When breast cancer spreads, the first place it often travels is to nearby lymph nodes (bean-shaped organs that produce infection-fighting cells and filter lymph fluid as it circulates through the lymphatic system) in the armpits. That’s why your healthcare provider may check your lymph nodes for the presence of cancer.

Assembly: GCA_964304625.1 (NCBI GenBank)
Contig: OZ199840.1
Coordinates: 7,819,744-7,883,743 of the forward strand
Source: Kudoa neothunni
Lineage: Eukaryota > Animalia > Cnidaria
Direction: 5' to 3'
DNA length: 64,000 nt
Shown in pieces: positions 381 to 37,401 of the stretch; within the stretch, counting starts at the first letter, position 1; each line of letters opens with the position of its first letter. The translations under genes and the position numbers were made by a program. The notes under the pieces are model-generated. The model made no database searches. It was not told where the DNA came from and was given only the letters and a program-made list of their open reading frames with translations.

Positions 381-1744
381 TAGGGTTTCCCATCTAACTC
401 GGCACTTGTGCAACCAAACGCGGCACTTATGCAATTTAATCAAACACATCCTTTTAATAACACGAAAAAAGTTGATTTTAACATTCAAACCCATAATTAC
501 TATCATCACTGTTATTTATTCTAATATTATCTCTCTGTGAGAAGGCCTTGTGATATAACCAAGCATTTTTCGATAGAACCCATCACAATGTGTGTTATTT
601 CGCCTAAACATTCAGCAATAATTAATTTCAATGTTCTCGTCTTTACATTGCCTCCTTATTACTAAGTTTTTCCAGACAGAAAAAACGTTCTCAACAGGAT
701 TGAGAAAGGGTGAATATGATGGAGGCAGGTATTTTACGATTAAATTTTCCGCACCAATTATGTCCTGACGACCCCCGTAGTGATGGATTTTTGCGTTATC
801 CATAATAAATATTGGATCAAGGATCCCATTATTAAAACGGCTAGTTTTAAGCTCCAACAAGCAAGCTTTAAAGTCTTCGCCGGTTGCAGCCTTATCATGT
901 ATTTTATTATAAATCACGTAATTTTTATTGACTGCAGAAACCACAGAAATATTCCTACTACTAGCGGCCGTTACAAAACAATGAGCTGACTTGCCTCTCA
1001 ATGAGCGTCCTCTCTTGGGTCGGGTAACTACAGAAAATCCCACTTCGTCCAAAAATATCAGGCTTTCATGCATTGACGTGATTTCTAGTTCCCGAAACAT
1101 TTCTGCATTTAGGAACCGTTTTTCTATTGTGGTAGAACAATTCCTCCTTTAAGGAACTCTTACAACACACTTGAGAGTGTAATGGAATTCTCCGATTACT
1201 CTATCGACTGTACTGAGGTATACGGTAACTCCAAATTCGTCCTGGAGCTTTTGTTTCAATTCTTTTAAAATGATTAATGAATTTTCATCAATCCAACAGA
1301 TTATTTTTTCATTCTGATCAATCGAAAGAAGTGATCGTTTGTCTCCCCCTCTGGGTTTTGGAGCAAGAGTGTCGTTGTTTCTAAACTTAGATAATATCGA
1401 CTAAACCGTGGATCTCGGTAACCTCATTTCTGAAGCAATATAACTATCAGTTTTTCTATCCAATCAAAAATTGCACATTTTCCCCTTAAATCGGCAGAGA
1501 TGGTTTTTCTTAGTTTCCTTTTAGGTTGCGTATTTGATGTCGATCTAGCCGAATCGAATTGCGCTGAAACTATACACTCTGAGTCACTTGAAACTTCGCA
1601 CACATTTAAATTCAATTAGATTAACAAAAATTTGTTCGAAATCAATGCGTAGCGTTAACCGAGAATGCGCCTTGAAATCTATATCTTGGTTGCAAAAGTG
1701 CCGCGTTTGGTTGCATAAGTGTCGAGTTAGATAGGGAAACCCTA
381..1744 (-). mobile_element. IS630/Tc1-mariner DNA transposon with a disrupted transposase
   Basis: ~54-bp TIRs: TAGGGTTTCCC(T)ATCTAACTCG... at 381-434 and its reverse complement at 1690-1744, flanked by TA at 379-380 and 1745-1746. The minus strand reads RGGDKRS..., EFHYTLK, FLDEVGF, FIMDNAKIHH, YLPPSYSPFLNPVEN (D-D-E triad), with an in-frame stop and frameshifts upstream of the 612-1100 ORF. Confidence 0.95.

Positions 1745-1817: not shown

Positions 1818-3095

The first step will likely be a sentinel node biopsy. That entails locating (using a special radioactive dye), removing and examining the sentinel node (the first node in line as lymph fluid drains from your breast).
If the biopsy reveals cancer, the healthcare provider may suggest traditional lymph node removal surgery, called axillary (underarm) dissection. Because it’s more extensive than sentinel node biopsy, it increases the risk of post-surgical arm swelling, known as lymphedema.